Dublin has warned that Boris Johnson’s plans to end the prosecution of Troubles veterans are “not a done deal”, amid fears that Ireland’s opposition could increase the chances of a legal challenge.
After Brandon Lewis announced the Government would legislate to end prosecutions for all sides involved in the conflict, Simon Coveney, Ireland’s minister for foreign affairs, said the plans were not a “fait accompli”.
He was joined by Micheal Martin, the Taoiseach, who told the Irish Parliament the proposals were wrong for “many, many reasons” and that Troubles crimes should continue to be properly investigated.
The statute of limitations would end prosecutions relating to incidents which occurred before the signing of the Good Friday Agreement in 1998.
It will apply to British veterans, former members of the security services and Royal Ulster Constabulary, as well as the IRA and loyalist paramilitaries.
On Wednesday, a number of senior Tory MPs endorsed the plans, arguing it was the only viable solution to ending the prosecution of elderly veterans.
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Mr Lewis said it would bring to an end the cycle of investigations – of which there are almost 1,200 open cases – and help move Northern Ireland towards an approach of “truth and reconciliation”.
The Government will establish an oral history archive of the Troubles to enable victims to tell their stories, while an independent commission focused on information recovery will also be set up. Ministers hope this will provide some closure to victims and their families.
However, the proposals have been criticised by Northern Ireland’s political parties, as well as victims groups, who say it represents an effective amnesty for terrorists.
Julie Hambleton, whose sister Maxine was among 21 people killed in the IRA pub bomb attacks on Birmingham in 1974, said she was considering legal action to block giving amnesty to terrorists.
On Wednesday night, Ms Hambleton told The Telegraph: “We will go to court over this if we can. I cannot believe the Government is willing to give amnesties to IRA terrorists who killed our loved ones. This is absolutely beyond the pale. Only those in Westminster could come up with this. They have no moral or ethical compass. They don’t know what it’s like to suffer the consequences of a terrorist attack.”
Meanwhile, Mr Coveney told the broadcaster RTE that the proposals, if enacted, would break the 2014 Stormont House Agreement on victims’ rights to truth and justice.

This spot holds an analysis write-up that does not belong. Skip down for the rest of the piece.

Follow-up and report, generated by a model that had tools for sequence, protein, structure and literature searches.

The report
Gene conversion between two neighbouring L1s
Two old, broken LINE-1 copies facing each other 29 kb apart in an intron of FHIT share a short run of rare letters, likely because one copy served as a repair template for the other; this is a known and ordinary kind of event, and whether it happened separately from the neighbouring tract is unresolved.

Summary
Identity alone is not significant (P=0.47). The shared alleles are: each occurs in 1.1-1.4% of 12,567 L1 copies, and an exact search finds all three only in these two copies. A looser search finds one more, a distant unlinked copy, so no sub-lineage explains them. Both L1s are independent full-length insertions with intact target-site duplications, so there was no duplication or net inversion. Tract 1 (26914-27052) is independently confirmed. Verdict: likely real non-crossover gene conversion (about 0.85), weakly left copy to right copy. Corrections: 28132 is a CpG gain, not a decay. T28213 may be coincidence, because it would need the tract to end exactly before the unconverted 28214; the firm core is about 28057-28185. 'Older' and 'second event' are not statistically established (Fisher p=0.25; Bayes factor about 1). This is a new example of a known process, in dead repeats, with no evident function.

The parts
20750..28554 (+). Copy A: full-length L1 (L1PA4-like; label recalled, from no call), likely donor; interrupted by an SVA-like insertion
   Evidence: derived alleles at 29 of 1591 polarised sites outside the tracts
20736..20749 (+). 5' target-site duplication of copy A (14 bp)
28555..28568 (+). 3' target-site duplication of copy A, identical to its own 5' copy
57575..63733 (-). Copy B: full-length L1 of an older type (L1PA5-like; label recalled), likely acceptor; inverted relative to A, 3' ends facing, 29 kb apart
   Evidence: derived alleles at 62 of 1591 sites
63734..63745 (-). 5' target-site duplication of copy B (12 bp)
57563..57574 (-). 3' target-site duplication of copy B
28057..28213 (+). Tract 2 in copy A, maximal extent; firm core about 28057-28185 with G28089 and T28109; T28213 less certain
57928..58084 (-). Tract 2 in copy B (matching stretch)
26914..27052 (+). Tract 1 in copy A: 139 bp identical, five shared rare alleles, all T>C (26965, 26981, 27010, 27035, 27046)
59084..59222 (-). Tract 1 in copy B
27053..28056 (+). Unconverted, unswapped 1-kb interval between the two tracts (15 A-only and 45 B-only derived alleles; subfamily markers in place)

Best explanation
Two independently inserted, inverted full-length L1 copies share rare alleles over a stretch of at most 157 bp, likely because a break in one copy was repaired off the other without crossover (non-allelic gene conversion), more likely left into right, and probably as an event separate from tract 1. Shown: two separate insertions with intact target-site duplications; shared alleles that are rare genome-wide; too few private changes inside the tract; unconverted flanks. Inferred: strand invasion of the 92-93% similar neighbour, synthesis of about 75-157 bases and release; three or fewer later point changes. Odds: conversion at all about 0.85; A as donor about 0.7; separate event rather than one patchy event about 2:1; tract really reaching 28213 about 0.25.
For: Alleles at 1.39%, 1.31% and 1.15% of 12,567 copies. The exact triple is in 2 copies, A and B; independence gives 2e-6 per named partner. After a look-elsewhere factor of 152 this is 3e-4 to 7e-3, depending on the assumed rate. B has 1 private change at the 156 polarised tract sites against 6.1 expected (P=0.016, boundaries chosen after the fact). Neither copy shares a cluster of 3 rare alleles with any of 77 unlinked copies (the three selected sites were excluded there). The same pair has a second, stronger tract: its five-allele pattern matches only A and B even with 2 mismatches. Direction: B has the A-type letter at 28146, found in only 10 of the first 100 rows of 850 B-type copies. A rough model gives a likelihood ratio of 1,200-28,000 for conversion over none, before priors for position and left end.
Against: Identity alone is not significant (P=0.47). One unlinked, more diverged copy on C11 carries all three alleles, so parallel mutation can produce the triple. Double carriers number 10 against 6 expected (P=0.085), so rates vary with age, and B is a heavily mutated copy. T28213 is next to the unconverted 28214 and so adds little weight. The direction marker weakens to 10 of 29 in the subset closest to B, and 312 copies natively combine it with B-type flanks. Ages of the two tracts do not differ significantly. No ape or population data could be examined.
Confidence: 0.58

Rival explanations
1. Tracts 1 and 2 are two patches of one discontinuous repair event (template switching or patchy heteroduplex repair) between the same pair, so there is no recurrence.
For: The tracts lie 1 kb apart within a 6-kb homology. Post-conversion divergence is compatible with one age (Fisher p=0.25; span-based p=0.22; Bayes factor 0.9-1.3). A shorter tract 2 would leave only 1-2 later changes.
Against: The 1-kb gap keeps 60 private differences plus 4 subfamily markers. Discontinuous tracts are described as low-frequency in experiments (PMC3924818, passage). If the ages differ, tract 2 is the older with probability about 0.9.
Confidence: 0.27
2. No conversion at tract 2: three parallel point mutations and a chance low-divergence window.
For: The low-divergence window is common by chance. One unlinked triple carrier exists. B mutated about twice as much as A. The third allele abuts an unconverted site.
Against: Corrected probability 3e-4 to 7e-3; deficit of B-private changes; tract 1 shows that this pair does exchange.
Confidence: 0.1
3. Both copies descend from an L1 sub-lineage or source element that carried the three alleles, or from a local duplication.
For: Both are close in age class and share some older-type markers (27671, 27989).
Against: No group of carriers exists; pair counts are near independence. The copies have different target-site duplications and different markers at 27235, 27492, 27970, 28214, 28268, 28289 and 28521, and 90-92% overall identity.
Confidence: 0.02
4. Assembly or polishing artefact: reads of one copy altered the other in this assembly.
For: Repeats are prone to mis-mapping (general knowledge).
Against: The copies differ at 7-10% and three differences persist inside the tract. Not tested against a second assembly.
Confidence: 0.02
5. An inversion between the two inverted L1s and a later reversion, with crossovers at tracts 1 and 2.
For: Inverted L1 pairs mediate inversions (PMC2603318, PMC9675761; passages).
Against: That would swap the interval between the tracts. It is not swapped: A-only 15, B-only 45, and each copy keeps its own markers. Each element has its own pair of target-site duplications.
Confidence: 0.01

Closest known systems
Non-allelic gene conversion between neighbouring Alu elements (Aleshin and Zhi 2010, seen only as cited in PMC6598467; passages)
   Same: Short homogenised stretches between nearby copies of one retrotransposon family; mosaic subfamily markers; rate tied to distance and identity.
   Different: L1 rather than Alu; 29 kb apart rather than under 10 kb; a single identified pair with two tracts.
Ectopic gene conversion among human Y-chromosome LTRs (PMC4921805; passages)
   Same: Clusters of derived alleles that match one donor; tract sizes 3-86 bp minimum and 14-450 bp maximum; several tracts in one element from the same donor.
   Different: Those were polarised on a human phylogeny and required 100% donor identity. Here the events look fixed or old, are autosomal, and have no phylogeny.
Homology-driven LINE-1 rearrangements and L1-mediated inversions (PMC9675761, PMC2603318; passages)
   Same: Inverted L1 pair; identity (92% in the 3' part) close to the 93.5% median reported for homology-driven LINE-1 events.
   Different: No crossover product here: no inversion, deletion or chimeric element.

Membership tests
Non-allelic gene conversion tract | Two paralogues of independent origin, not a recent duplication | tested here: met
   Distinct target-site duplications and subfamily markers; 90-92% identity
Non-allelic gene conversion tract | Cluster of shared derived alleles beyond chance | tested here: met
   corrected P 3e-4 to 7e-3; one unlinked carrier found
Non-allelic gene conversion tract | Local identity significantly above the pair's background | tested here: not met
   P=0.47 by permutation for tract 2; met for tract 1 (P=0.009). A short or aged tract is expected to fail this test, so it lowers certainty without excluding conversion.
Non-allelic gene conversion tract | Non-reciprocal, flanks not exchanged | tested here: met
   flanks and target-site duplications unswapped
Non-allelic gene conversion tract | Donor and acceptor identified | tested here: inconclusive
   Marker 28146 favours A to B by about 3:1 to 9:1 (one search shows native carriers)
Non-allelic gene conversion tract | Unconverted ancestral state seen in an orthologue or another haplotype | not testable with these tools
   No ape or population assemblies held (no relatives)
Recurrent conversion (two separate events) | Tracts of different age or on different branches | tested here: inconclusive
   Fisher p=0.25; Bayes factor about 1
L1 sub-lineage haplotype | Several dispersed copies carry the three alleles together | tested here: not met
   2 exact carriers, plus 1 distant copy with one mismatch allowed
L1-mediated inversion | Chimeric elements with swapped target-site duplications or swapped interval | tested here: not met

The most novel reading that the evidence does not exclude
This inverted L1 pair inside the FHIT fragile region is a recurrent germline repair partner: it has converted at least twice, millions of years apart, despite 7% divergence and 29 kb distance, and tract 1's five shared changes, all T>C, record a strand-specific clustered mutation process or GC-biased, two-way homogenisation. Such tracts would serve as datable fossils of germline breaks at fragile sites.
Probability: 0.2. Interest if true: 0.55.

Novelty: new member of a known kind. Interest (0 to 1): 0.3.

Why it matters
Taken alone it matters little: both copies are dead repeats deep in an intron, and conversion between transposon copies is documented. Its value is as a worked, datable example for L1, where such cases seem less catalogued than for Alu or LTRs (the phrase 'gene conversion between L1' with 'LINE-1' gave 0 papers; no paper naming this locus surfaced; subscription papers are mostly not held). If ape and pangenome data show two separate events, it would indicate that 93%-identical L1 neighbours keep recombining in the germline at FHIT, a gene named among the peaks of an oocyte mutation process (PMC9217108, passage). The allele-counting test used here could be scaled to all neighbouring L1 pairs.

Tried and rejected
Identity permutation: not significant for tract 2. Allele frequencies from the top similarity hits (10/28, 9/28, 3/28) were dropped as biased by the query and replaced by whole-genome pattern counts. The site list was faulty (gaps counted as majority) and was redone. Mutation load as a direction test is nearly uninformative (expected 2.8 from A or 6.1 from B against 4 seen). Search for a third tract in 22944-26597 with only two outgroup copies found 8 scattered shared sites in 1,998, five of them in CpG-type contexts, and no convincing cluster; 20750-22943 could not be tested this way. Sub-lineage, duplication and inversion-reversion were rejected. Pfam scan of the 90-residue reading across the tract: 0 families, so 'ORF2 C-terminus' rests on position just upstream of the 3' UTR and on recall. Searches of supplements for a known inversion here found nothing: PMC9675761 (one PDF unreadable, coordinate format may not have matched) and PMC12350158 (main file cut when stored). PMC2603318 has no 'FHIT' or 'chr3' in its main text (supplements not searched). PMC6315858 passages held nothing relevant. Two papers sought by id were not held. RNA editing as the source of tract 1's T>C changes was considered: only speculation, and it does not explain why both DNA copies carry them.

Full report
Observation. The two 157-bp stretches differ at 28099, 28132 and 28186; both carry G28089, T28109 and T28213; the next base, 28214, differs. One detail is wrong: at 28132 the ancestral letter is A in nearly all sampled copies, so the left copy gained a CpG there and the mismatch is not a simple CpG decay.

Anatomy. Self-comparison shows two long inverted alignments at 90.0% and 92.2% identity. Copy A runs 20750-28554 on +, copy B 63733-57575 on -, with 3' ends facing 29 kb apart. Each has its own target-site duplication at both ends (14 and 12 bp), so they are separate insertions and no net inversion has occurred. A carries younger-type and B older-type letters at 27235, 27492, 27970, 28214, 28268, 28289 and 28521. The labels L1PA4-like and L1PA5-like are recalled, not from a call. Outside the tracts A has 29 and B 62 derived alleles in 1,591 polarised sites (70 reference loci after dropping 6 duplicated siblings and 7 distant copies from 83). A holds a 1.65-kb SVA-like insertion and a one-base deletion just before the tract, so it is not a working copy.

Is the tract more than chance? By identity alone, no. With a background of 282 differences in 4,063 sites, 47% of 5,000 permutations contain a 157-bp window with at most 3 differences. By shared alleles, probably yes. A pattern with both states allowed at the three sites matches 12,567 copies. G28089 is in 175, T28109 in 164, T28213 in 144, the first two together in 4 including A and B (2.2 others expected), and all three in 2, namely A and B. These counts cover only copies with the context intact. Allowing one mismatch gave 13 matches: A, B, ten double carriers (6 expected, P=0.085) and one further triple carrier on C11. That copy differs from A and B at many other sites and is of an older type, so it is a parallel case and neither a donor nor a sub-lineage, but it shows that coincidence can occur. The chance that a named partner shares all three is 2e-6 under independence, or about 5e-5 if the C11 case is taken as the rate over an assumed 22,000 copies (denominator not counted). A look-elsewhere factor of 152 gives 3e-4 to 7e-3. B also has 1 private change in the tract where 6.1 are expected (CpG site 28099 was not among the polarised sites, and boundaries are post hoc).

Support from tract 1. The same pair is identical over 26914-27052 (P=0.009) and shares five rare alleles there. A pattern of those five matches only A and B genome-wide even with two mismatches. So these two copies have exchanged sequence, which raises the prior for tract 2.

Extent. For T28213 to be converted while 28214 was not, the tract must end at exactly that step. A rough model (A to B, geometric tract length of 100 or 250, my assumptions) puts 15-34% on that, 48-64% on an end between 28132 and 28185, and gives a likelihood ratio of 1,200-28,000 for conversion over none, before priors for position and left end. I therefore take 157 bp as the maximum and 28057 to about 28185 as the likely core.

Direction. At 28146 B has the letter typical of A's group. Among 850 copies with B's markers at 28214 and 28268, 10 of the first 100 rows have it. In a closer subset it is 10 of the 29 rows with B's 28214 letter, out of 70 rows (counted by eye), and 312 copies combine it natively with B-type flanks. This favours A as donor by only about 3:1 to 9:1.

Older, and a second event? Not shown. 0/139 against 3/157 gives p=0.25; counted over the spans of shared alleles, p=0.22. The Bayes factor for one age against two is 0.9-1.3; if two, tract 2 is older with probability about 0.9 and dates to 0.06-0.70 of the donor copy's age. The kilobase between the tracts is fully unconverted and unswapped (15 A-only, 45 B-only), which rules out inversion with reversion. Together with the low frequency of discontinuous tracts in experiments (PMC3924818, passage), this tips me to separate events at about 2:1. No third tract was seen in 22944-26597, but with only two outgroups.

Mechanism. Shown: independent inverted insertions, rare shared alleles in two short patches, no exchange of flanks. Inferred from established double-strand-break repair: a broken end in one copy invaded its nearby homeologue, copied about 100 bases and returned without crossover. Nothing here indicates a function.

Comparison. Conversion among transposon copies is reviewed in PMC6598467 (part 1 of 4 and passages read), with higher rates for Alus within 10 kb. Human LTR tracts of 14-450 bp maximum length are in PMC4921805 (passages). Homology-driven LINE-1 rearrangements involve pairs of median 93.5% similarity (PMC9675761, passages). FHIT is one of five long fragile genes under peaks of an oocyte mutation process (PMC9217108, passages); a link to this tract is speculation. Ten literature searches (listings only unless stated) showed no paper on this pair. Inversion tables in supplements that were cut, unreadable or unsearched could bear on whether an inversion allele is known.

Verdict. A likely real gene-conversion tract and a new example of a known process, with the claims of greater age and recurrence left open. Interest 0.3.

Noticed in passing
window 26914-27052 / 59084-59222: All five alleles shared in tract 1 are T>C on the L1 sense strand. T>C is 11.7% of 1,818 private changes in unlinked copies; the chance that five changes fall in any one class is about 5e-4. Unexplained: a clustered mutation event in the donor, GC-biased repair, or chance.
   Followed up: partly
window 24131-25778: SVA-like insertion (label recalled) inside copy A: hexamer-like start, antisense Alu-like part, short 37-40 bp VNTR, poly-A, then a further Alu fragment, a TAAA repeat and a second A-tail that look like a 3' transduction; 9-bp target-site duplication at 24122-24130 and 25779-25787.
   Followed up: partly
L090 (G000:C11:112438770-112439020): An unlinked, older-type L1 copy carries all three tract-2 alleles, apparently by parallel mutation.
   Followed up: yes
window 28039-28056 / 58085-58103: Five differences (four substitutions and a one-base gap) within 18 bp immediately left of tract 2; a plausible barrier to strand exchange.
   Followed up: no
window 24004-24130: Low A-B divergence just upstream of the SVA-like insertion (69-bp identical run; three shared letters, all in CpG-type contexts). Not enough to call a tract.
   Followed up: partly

“The British Government is outlining a unilateral position which nobody else has signed up to,” he said, adding that without the support of Belfast or Dublin there will be a “real problem here.”
Echoing his comments, Mr Martin said: “It’s wrong for many, many reasons. I don’t believe in a general amnesty for those who committed murder, whether there were State actors, or whether they’re involved in terrorist or illegal organisations.”
The Government is currently in talks with the Irish Government over the proposals, with insiders acknowledging that securing its support will strengthen the “robustness” of the legislation.
The Telegraph understands that Mr Lewis has received legal advice warning that acting unilaterally could heighten the risk of a challenge being successfully brought at the European Court of Human Rights in Strasbourg.
Statute of limitations ‘the only viable option’
Critics have claimed that a statute for limitations which effectively ends the investigation of serious human rights violations could breach the UK’s obligations under the European Convention on Human Rights.
However, government sources said they would press ahead with the legislation regardless of Ireland’s stance. They added they were confident that the proposals to pivot away from prosecutions towards information recovery would ensure the legislation remained compliant with these obligations.
Defending the move, Mr Lewis told MPs: “If we fail to act now we will be condemning current and future generations to yet further division, preventing further reconciliation at both the individual and societal level.”
“We’ve come to the view that this is the best and only way to facilitate an effective information retrieval and provision process, and the best way to help Northern Ireland move further along the road to reconciliation. It is in reality a painful recognition of the very reality of where we are.”
James Sunderland MP, a former Army colonel who served in the Troubles, told The Telegraph: “A Statute of Limitations may not be the most palatable of solutions and will not please everyone. But I have come to the conclusion it is the only viable option.”
Sir Iain Duncan Smith, the former Tory leader, who also served in Northern Ireland, said: “This will not be beloved of anybody but I do recognise sincerely that if we are to move forward, we will all have to make some kind of sacrifice.”